Can I get pet insurance that pays out if my dog bites someone?


I have been reading worrying stories about fatal dog attacks in Britain – in particular those from the ‘XL Bully’ breed.

I am a dog owner myself – of a four-year-old lurcher, Max, who is a very sweet and gentle dog.

But it does seem like the issue of dogs biting people is very much on everyone’s minds.

I want to be responsible and prepare for the absolute worst-case scenario of Max ever biting anybody. Is it possible to get insurance to cover the cost of a dog bite? Via email

You decide: Dog insurance is not compulsory for most breeds, unlike car cover

You decide: Dog insurance is not compulsory for most breeds, unlike car cover

Sam Barker of This is Money replies: The tragic recent dog attacks have certainly put the problem of aggressive dogs and irresponsible owners into the spotlight.

Home secretary Suella Braverman last week said the popular XL Bully breed could be banned after a dog attack in Birmingham.

While your own dog is among the vast majority of canines that are perfectly friendly, it cannot hurt to be prepared. 

While the emotional impact of a dog bite cannot be insured against, the financial impact to the dog owner can be. 

So the short answer to your question is yes, you can get insurance against the cost of your dog biting someone else – and in fact it is included as standard on 90 per cent of pet insurance deals.

This sort of insurance is called third party liability. In a pet insurance context this normally covers any compensation you have to pay if your dog attacks someone and a court finds you legally responsible.

It also pays out if your dog accidentally damages something outside your home, for example someone’s property. 

Insurers tend to pay a maximum of £500,000 to £10million for third party liability claims depending on the policy, according to financial data firm Defaqto.

Defaqto found that 419 of 467 available dog insurance deals, or 90 per cent, include third party liability as standard.

There are 22 dog insurance deals that can be upgraded to include third party liability, and 20 that do not cover it at all.

So if you currently have pet insurance, check the small print – likewise if you do not have it but are thinking of buying a policy. 

Not all third party liability covers dog bites 

But even policies with third party liability may not pay claims if your dog bites someone.

Firstly, while most insurers offer third party liability as standard, some reserve the right to withdraw that cover if your dog is aggressive.

For example, insurance documents from the UK’s largest pet insurer, PetPlan, say the firm can ‘limit or remove third party liability cover from the start of your policy based on your pet’s veterinary and behavioural history’.

The insurer can also ‘limit or remove third party liability’ based on behaviour such as ‘aggressive tendencies’ when you renew one of its Covered For Life, Classic, Classic Plus, Ultimate or Pet Insurance policies.

Pet insurers do not normally pay out if your dog attacks you, your family members or anyone working for you, or if a dog attack is connected to what you do for work. 

Not allowed: The dogo Argentino is one of four canine breeds banned in the UK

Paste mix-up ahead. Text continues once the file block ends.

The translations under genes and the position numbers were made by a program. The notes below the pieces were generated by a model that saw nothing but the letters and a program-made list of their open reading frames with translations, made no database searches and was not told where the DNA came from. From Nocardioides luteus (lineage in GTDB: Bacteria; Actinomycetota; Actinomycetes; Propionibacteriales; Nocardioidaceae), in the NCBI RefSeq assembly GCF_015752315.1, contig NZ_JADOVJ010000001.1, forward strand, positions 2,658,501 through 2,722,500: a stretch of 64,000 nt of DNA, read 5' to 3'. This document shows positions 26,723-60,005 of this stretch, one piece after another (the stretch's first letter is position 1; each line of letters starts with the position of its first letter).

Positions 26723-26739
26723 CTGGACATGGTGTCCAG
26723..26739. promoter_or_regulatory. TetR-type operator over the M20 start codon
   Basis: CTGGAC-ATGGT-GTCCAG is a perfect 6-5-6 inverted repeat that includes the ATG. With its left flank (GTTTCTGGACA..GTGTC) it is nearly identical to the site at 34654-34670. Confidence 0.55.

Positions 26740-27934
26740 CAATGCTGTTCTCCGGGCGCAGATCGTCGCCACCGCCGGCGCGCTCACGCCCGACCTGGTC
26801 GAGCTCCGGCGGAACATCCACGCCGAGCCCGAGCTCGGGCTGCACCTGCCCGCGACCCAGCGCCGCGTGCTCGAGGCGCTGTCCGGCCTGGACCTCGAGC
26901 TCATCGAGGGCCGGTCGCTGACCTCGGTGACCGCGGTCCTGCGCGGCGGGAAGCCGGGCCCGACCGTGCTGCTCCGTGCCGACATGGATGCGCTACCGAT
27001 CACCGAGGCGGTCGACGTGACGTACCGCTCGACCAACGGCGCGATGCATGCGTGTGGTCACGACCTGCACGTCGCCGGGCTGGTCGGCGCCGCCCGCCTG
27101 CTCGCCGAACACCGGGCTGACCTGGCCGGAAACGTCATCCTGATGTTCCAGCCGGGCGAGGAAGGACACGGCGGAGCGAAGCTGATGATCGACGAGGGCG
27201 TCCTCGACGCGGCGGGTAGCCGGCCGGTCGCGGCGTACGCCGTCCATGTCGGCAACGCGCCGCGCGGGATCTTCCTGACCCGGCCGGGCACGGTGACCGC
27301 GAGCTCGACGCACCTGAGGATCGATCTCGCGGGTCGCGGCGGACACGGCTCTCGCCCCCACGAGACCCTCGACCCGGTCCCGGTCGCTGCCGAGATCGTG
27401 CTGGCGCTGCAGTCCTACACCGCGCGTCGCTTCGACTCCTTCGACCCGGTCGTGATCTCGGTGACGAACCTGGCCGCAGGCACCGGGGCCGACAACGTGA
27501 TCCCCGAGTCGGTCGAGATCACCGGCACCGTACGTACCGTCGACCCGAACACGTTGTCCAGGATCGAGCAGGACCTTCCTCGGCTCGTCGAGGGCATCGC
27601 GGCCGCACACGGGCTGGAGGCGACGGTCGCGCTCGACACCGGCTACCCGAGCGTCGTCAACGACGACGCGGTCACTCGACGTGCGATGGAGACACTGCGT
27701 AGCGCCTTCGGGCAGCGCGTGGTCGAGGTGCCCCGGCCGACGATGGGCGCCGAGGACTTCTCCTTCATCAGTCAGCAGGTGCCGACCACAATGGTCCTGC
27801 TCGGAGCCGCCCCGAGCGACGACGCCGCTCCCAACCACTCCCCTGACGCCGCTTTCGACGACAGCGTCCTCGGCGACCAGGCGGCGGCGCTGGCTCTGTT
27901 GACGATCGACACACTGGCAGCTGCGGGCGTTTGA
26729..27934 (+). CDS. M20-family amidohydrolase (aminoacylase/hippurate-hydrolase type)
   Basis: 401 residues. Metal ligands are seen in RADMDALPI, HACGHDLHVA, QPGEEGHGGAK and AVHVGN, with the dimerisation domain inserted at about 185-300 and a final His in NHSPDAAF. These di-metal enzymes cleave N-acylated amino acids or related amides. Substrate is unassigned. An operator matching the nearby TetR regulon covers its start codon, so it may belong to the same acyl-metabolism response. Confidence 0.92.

Not allowed: The dogo Argentino is one of four canine breeds banned in the UK

Dog insurance can be compulsory

Normally, dog insurance is the decision of the owner.

But if you own a dog that is one of the four banned breeds in the UK then you must get at least third-party insurance for it.

The Dangerous Dogs Act bans four breeds: the American pit bull terrier, Japanese tosa, dogo Argentino and fila Brasileiro.

Owners of banned dogs can have their pet taken off them by the police automatically, unless they have a lifetime certificate of exemption from a court to prove their dog is not a risk to the public.

Third party liability is a requirement for getting one of these exemption certificates. 

Other requirements are for it to wear a muzzle and be on a lead in public, be neutered, microchipped and kept in a secure home.

On the watchlist: The American pit bull terrier is also banned in the UK, and is one of the breeds behind the controversial Bully XL

On the watchlist: The American pit bull terrier is also banned in the UK, and is one of the breeds behind the controversial Bully XL

Insurers can refuse to cover some breeds 

Many insurers will not cover the four breeds on the banned dogs list, while some go even further.

For example, Kennel Club Pet Insurance will not cover 16 dog breeds, including American Bullies and pitbull terriers, as well as any dog crossed with one of the 16 breeds on its banned list or any dog crossed with a wolf.

Angela Pilley, a pet insurance expert at Defaqto, said: ‘Each individual insurer will have their own list of excluded breeds which they will not provide any element of cover for. This differs from one provider to another.

‘Typically, as a minimum, excluded breeds will be those that must be registered under the Dangerous Dogs Act or an animal that is crossbred or mixed with any of these breeds, but some providers’ lists are much more extensive.’

You own a lurcher, which is not one of the banned breeds, being a sighthound crossed with a working dog breed.

However, some pet insurers will not offer third party liability to dogs that hunt, race, are used for security or take part in hare coursing, so if your dog does fit any of these categories you may require specialist cover.

Allianz UK, the owner of PetPlan, would not comment. Kennel Club Pet Insurance has been approached for comment. 

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